As a good front-end developer, you can’t simply add some HTML, CSS and JS to the website or web app. It’s high time we learned to communicate well with the designers and use great tools available on the market.
Front-end development can be tricky. Understanding very specific designs both in terms of UI and UX is, in my opinion, the greatest front-end challenge for developers these days. We work with fantastic and complex designs in 10Clouds, which means that design knowledge is required from front-end developers to make a high-value product for the client. If you struggle with it on a daily basis, I’m here to help. Just use the following 4 tips.
1. Practice makes perfect
I know that you’re not a designer, but you should create your own projects and implement your own designs anyway. There’s plenty of resources such as Behance, Dribbble or Pinterest to help you start. You will find many landing pages on Pinterest and Behance, whereas Dribbble is a place where you’ll get inspiration for web design elements or parts of web pages.
Another great resource is Muzli – they have a great blog on Medium. There, the most valuable content are definitely the Weekly Inspiration for Designers and UI interactions of the Week series. They also have a Chrome extension which helps you stay inspired every day.
With every question and answer, you will instantly understand what works, what doesn’t and why
Remember that you’re not exploring those websites to steal things. Just try to make similar websites/apps for your own purpose. They don’t have to be huge. Take what you feel is right for you and implement it on your own. Change colors, move objects, see if they fit or not. You can find some simple examples to start with here.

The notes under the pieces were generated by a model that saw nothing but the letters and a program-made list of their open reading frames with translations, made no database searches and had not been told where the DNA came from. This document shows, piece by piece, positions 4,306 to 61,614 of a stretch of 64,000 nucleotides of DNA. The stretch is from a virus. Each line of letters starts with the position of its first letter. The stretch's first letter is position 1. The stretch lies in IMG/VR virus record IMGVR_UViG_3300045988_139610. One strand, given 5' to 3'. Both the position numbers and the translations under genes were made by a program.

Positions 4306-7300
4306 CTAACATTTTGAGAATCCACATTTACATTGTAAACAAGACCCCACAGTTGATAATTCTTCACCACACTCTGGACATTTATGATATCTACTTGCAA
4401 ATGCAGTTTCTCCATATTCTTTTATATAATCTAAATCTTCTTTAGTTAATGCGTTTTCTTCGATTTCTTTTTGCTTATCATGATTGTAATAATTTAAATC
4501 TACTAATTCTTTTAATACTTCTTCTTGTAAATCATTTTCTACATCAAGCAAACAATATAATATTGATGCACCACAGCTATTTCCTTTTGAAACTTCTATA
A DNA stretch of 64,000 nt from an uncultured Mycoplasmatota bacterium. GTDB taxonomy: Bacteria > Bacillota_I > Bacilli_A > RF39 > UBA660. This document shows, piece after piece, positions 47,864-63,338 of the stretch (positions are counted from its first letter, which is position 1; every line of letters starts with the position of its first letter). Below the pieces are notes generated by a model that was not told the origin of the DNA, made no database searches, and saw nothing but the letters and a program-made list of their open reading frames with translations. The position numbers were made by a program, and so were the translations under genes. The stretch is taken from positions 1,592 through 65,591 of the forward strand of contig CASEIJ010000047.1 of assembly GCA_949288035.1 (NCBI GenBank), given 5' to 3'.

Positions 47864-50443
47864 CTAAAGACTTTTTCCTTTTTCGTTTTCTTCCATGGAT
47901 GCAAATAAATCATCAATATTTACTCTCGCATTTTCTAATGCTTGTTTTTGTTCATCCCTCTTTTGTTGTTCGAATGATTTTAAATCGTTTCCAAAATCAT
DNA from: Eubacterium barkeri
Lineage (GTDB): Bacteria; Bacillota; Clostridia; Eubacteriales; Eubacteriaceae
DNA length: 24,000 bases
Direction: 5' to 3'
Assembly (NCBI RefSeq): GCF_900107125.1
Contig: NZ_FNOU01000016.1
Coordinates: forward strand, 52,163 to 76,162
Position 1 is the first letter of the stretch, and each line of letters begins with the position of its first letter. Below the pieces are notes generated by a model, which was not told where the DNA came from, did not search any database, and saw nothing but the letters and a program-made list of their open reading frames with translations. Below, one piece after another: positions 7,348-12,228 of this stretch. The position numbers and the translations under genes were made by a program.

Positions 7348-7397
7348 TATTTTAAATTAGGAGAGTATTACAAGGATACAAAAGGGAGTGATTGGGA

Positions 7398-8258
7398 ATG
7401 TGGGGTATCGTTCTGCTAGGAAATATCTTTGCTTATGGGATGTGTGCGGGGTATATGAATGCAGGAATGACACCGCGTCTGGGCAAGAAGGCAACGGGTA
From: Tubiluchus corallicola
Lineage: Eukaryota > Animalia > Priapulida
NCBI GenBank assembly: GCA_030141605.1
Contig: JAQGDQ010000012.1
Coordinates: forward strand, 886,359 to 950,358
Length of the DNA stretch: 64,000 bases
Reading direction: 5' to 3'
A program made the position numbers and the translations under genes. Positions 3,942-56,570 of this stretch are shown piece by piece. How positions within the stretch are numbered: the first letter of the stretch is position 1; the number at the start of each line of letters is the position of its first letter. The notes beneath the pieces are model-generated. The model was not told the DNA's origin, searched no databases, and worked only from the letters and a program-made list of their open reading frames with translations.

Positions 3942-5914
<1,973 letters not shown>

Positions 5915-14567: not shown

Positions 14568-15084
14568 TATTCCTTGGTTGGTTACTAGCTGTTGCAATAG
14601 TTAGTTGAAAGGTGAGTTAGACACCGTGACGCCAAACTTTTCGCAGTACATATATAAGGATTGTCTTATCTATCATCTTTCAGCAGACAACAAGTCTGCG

Ask questions along the way as you iterate the product. Ask designers what they think about your project. Ask your friends if what you’re doing looks good and is usable for them. They’re not design professionals, which can lead to interesting feedback based on actual experience with your page. There are also many groups on Facebook where people may provide you with the feedback you need. With every question and answer, you will instantly understand what works, what doesn’t and why.
» Are you a good fit for a front-end developer? Read our article and find out!
2. Think like a designer
Don’t get me wrong. It is a designer’s job to give you a fantastic product in Sketch or Photoshop and guide you through its flow. Your job is to make it work as planned in a browser. But at the same time, you should always remember that it’s a symbiotic relationship. You both need to make an effort in order to produce something valuable to the client.
You’re creating a product for end users. Be aware that the users who see your project for the first time will make a quick decision on whether it’s easy to use and easy on the eyes. Your success depends on their quick analysis. This awareness may be the key to your motivation, as you will understand what you’re implementing.